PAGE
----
A high school teacher's personal life becomes complicated as he works with students during the school elections, particularly with an obsessive overachiever determined to become student body president.
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Tracy Flick is running unopposed for this year's high school student election. But school civics teacher Jim McAllister has a different plan. Partly to establish a more democratic election, and partly to satisfy some deep personal anger toward Tracy, Jim talks popular varsity football player Paul Metzler to run for president as well. Chaos ensues. Written by
R. P. Falvey <firstname.lastname@example.org>
The source novel by Tom Perrotta is a reworking of Budd Schulberg's 1941 novel "What Makes Sammy Run?" In Schulberg's novel, an older writer (Al Manheim) watches young Sammy Glick rise through the ranks of New York journalism and the Old Hollywood studio system. In "Election," Al Manheim is replaced by Jim McAllister and Sammy Glick by Tracy Flick. See more »
In the last scene Jim McAllister is in Washington, DC. He says in the voice-over that, having spent the morning on the National Mall, he was on his way to the Holocaust Museum when the scene occurred. That scene was shot outside the Hays-Adams Hotel, just north of Lafayette Square and the White House, and Jim is clearly walking north on 16th Street; the Holocaust Museum is about a mile south of the White House and only a few hundred feet from the Mall. See more »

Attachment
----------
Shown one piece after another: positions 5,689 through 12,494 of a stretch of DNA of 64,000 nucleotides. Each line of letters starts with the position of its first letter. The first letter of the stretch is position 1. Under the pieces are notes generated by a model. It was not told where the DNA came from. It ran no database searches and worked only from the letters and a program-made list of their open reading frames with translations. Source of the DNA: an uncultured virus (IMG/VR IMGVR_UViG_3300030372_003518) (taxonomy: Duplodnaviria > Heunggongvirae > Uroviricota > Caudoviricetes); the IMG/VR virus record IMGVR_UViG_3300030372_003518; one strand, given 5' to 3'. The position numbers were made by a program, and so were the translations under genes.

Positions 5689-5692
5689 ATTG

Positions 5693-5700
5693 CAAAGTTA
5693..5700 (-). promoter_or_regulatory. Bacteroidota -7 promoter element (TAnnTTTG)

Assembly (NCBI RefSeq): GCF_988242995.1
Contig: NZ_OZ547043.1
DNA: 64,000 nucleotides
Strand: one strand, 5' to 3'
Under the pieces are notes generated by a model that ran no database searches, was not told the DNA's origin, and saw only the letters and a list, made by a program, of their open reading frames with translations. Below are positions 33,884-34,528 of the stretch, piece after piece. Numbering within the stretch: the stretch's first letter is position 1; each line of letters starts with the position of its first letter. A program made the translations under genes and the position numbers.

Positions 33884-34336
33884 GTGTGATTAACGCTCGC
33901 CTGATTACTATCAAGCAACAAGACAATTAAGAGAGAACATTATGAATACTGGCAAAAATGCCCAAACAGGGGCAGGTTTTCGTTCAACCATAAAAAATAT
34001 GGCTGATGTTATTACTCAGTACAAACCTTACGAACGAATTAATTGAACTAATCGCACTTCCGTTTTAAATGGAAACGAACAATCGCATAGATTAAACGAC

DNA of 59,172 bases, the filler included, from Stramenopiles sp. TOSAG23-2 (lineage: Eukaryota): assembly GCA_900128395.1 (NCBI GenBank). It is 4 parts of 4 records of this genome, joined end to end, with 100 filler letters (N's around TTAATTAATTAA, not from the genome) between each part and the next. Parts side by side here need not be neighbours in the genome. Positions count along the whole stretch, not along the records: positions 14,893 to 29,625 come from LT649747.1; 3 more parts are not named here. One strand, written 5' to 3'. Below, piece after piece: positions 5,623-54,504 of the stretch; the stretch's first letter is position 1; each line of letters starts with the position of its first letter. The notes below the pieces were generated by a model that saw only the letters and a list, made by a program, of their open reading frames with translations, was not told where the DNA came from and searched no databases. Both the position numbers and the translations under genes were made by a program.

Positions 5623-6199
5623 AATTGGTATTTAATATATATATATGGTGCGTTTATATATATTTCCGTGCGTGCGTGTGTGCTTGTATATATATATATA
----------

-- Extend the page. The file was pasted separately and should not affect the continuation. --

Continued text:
Sometimes when I'm sad, I sit and watch the power station. They say if you lie between two of the main wires, your body just evaporates, you become a gas. I wonder what that would feel like.
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The end titles include four "The producers wish to thank the following:" cards, one "Very Special Thanks to:" card, and one "Extra Very Special Thanks to:" card. See more »
I don't know how many people who saw ELECTION saw Alexander Payne's previous film, CITIZEN RUTH(1996). That film was a satire on abortion, with Laura Dern as a pregnant homeless woman with several children already taken away by social services, and who is caught in a tug-of-war between pro-choice and pro-life activists. I've never seen an abortion satire before, so that was fresh, but all the characters where instead caricatures, so it was difficult for me to laugh. And the points were made with all the subtlety of a sledgehammer swatting a fly.
ELECTION suffers somewhat from that problem, but most of it works. Much of that, of course, is due to Matthew Broderick and Reese Witherspoon. Both of them embody their characters down to a T, and while they show us their flaws and their laughable parts, they also made them human beings. As much as we're meant to dislike Tracy, for example, I actually felt sorry for her when she talked about being lonely. And how events proceed between them is logical and well-told.
Less well-done is Chris Klein as the jock who runs against Tracy. He's likeable at times, but I could see Klein condescend to him and make him a boob at times(as his sister Tammy, on the other hand, Jessica Campbell makes a good impression; I was actually surprised at an action she took, though it does make sense). I also thought the sexual repression stuff was obvious and overdone, especially when Broderick sees and hears Tracy when he's making love. We got that already. Nevertheless, this is often funny and biting.
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